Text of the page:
Thoughts and images spontaneously popping into our mind are characteristic of self-generated mental phenomena like mind-wandering, dreaming and hallucinations. Mind-wandering, although quite common, has only recently gotten into the forefront of scientific investigations, and philosophical reflection is lagging behind. Combining philosophical analysis and psychological experimentation this project proposes a new model of mind-wandering and develops it into a general framework of all kinds of self-generated mental phenomena. Major predictions are tested via exploring links between mind-wandering, dreaming and hypnotic dreams (induced by instructions to ‘have a dream’ in a hypnotic state). It is also investigated if hypnotic dreams could serve as hypnotic analogues of mind-wandering and dreaming. An affirmative answer could revolutionise how features of mind- wandering and dreaming — which are notoriously hard to study due to their spontaneous nature — could be examined in a well-controlled manner.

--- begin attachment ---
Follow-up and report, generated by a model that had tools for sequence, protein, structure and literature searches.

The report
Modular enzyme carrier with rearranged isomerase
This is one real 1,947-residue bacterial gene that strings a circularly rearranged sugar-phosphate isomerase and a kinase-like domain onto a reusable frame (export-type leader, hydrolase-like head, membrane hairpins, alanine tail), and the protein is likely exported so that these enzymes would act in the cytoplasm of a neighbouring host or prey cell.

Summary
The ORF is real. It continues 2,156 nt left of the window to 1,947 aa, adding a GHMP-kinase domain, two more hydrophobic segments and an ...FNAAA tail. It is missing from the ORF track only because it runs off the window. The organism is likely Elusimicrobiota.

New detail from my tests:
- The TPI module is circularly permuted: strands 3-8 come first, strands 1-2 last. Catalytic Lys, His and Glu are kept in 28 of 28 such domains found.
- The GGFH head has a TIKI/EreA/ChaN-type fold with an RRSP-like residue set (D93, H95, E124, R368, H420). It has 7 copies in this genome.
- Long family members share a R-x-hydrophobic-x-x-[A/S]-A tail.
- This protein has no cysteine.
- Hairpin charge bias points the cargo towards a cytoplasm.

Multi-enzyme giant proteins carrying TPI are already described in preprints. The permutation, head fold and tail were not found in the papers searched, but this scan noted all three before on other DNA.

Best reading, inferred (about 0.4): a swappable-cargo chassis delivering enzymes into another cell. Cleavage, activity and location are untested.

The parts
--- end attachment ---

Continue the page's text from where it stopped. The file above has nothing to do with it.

I completed an MA in philosophy of psychology with David Papineau at King’s College London, and a PhD in philosophy of cognitive science with Jesper Kallestrup and Andy Clark at the University of Edinburgh. Since 2013 I’ve been an FWO postdoc at the University of Antwerp working with Bence Nanay. My research focuses on how mental phenomena like attention and consciousness are related to neural processes.
Self-generated mental life: Developing an overarching philosophical account and a novel neuro-cognitive research paradigm
Area of research:
Philosophy, Psychology and Cognitive Neuroscience
1 April 2021 - 31 March 2024